The fall migration season is one of the best times of the year for bird-watchers, both because of the sheer number of birds passing through northern Illinois and because many bird species look different in the fall than during their spring migration.
A large number of birds have more brightly colored plumage in the spring than they do in the fall, making them more difficult to spot this time of year.
“In the fall, many have molted out of their breeding plumage and have stopped singing, so many birders get excited for the challenge of trying to find and identify these birds,” Gutmann explained.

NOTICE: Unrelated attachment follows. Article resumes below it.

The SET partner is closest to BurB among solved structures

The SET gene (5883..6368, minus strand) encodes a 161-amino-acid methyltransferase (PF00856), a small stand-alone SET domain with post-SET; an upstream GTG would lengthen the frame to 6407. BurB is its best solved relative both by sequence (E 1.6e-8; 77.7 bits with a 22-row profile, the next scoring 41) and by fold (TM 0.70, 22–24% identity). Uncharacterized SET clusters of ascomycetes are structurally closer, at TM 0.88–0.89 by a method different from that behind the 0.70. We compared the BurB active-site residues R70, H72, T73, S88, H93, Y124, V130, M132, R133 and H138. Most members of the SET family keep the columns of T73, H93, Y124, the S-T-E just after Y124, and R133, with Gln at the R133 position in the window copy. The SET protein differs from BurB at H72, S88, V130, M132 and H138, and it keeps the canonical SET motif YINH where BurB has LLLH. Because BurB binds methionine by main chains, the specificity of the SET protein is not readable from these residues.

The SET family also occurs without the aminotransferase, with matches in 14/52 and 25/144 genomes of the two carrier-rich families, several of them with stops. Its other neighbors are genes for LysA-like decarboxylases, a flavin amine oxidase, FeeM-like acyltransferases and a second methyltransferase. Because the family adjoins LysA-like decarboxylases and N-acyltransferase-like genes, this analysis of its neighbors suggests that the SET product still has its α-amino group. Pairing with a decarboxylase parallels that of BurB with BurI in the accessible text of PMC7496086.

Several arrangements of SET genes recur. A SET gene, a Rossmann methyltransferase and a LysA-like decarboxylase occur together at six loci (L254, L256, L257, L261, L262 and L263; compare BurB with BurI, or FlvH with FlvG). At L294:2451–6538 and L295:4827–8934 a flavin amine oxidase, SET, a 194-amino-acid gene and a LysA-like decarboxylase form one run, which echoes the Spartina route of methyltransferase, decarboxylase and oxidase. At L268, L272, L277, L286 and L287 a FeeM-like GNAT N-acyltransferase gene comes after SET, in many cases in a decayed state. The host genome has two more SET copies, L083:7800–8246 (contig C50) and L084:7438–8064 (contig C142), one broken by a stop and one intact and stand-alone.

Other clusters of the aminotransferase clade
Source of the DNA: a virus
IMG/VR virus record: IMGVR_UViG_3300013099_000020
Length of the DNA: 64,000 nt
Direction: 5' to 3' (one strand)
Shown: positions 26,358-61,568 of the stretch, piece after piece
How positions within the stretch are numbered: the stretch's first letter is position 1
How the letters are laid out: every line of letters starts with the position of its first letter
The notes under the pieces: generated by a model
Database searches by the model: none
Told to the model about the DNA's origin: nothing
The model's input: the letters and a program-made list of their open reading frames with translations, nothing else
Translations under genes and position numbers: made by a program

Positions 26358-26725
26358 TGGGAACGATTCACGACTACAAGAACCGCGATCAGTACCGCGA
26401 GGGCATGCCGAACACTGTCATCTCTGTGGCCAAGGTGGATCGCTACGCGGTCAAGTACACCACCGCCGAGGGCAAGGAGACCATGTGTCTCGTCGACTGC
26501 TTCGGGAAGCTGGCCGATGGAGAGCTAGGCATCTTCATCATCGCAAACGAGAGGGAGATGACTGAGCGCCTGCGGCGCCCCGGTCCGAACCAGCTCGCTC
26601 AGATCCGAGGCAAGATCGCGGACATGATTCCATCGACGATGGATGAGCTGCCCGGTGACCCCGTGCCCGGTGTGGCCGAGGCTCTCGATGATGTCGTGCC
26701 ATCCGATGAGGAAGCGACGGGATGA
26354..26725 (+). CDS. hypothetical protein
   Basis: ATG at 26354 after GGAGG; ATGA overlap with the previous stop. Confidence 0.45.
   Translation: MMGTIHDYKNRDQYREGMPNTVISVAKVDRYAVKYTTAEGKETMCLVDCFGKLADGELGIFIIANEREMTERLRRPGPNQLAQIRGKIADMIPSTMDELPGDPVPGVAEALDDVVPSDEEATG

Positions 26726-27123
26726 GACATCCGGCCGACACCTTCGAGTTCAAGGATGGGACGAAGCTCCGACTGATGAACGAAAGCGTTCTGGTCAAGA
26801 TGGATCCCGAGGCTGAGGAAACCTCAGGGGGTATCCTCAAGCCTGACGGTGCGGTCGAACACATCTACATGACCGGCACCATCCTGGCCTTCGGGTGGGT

Forest preserves are a good spot for bird-watching because birds use these areas as stopping points to rest and refuel, he said. But of course, as with many things in life, timing is everything when it comes to bird-watching in the fall.
“The trick to finding certain species isn’t simply how or where to look, but when to look,” Gutmann said.
Check out this scene from last year when the American white pelicans arriveed at McKinley Woods in Channahon, which usually happens around the end of September.
Lead image courtesy of Paul Dacko
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